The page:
Catherine James stared hard at the photo she held in her hands. The face of a sullen, 13-year-old boy stared back at her. He had thick, black hair and dark green eyes, almost the same shade of green as Catherine’s own eyes. She felt her heart lurch at the pain she saw reflected there. She looked up at the woman sitting on the other side of the desk she faced. Stacy Shields was a social worker for the Department of Social Services, Children’s Division. Her blue eyes sparkled with intensity as she met Cat’s gaze. Short brown hair framed her plump face. She smiled encouragingly.
“When I decided to become a foster parent, I thought I’d be taking in a little girl. I never considered fostering a teenage boy,” Cat commented.
“I know,” Stacy replied. “But Ethan needs to go to a home where he’s the only child. Since his father signed away his parental rights a few months ago, he’s been in two different foster homes. They each had other kids, and they just weren’t a good fit. Ethan’s extremely bright. I really feel that given the right environment, he could blossom into a special young man. I also think he’ll do better in a home where there isn’t a man around. His father was very abusive. His mother was non-existent. She left them when Ethan was just a baby. He needs the nurturing influence of a mom.”
Catherine, “Cat” as she was called by her friends, looked down at the photo. Can I do this? she wondered. She ran a hand through her thick, red hair and sighed. She didn’t really have a choice, did she?
She’d decided a long time ago that she would offer a child the help she never received. She’d been raised by parents who had beaten her for the hell of it and then kicked her out when she was 15. She’d dropped out of school and taken any odd job she could get her hands on. When she’d turned 18, she’d gotten her GED and scored well enough on the ACT to earn a scholarship to college. It took her six years to finish school because she’d had to work full-time to make up for what the scholarship money didn’t cover. Now, at 30, she was the lead accountant for a large corporation. She liked her job. It was steady, no surprises. Working numbers was a black-and-white issue. Her life was neat and tidy, the way she liked it. She was in complete control. What would happen if she threw a troubled teenage boy into the mix? Would she be able to handle the certain chaos that would follow? She knew it wouldn’t be easy.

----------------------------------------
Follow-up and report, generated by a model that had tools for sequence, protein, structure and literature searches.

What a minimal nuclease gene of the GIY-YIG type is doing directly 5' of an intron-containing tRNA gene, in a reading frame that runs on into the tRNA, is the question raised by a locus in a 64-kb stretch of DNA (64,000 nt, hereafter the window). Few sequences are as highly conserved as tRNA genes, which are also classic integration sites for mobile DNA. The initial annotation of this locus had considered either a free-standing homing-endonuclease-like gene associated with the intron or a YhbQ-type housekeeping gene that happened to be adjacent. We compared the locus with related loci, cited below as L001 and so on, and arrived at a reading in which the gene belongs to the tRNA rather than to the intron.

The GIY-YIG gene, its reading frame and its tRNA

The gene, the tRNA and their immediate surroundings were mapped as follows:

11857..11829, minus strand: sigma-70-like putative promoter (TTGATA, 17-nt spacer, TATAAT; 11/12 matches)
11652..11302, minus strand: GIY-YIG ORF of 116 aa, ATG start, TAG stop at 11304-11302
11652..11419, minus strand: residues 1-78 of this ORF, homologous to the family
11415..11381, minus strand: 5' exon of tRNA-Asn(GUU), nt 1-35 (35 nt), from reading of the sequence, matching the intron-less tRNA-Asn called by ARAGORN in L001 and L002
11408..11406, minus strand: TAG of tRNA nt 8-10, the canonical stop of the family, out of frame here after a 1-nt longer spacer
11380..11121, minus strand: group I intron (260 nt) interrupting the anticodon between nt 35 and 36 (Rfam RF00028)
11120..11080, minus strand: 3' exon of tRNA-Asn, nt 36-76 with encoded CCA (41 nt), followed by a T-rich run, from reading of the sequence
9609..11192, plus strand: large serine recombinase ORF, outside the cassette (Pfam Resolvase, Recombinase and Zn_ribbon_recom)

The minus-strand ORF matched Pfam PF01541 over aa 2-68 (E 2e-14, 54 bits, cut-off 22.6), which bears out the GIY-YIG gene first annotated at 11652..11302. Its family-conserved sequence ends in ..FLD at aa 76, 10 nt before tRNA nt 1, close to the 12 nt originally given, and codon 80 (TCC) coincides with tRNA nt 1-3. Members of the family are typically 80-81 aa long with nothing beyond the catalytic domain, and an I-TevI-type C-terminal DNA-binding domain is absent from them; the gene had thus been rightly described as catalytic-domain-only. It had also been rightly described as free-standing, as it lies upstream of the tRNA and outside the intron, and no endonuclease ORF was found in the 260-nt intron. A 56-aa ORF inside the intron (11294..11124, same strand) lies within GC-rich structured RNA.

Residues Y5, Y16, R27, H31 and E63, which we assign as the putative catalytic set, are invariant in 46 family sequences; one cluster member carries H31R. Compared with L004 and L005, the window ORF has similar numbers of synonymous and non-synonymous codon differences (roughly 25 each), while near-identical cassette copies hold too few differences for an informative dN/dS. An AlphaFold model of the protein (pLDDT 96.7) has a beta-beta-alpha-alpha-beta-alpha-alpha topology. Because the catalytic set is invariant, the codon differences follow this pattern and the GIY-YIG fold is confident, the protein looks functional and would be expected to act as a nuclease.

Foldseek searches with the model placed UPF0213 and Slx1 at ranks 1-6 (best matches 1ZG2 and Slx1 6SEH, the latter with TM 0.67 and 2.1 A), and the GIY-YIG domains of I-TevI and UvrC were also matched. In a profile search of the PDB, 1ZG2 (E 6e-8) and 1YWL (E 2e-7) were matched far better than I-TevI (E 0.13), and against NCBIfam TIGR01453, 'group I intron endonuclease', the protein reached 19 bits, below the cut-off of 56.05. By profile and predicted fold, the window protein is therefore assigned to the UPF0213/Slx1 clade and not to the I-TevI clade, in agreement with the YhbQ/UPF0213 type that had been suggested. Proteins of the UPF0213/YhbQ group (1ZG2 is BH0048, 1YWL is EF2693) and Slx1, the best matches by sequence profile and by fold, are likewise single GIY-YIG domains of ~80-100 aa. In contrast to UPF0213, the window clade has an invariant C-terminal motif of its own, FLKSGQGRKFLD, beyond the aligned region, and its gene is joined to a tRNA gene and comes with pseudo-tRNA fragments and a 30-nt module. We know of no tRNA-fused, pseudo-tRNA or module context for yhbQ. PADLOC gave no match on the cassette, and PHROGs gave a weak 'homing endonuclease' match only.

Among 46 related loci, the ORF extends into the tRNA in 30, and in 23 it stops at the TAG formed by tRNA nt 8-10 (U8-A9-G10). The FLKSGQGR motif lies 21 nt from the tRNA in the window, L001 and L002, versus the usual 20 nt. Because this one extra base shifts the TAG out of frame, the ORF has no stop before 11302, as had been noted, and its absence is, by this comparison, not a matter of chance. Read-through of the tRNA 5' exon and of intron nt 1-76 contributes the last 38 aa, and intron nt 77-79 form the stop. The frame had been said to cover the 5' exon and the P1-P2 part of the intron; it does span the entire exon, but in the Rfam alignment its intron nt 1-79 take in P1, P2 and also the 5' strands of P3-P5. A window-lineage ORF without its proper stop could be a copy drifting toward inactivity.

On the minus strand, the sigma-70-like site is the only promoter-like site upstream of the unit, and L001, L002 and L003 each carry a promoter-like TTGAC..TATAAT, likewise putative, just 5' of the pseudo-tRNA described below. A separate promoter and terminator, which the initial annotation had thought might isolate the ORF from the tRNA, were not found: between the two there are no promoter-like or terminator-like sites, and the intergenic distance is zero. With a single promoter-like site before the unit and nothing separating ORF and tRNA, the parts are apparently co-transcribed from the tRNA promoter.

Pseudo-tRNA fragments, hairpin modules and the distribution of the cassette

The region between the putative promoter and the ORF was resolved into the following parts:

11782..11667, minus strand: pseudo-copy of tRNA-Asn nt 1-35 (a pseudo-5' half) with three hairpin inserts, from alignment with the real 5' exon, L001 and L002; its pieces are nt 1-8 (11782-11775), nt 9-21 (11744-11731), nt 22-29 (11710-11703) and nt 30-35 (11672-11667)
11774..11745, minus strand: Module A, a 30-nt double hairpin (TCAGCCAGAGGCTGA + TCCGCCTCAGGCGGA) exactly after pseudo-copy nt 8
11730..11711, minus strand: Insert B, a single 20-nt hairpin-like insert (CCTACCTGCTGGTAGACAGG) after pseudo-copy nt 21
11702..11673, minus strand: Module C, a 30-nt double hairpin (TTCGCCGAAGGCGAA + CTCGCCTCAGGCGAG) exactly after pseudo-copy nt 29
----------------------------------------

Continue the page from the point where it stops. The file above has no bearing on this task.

She looked back up. Stacy met and held her gaze. Cat slowly nodded. “Okay, I’ll take him.”
Stacy grinned. “Great!” she exclaimed. “I’ll bring him by tomorrow. What time should we get there?”
The next day was Saturday. “Any time after eight in the morning,” Cat replied.
“Okay, I’ll bring him at nine. I truly believe this will work out for both of you.” She stood and embraced Cat. They’d become close friends over the last few months as Cat had gone through the foster parenting classes. Stacy wasn’t sure why, but she felt confident Ethan and Cat would be a good match. She’d been a social worker for a long time, and she’d developed a sixth sense about these things. This felt right.
From the author of “Dogs Aren’t Men” comes “To Love a Cat”, a contemporary romance novel.
Catherine “Cat” James’ life is simple and orderly, and she likes it that way. She loves her job as an accountant. Working with numbers is safe and routine, no surprises. Her childhood had been very abusive and unstable. She vowed not to live that way as an adult. She also made a promise to herself to become a foster parent. She wished someone had been there for her as a teenager, to let her know she wasn’t alone.
Cat agrees to foster Ethan Summers, a troubled teenage boy whose childhood closely resembles her own. Suddenly, her nice and orderly life is filled with chaos and uncertainty. Things really start to spin out of control when circumstances bring police detective Mitch Holt into the picture. He’s handsome, charming, and definitely not what Cat needs right now, or so she thinks.
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Genre – Contemporary Romance
Rating – PG
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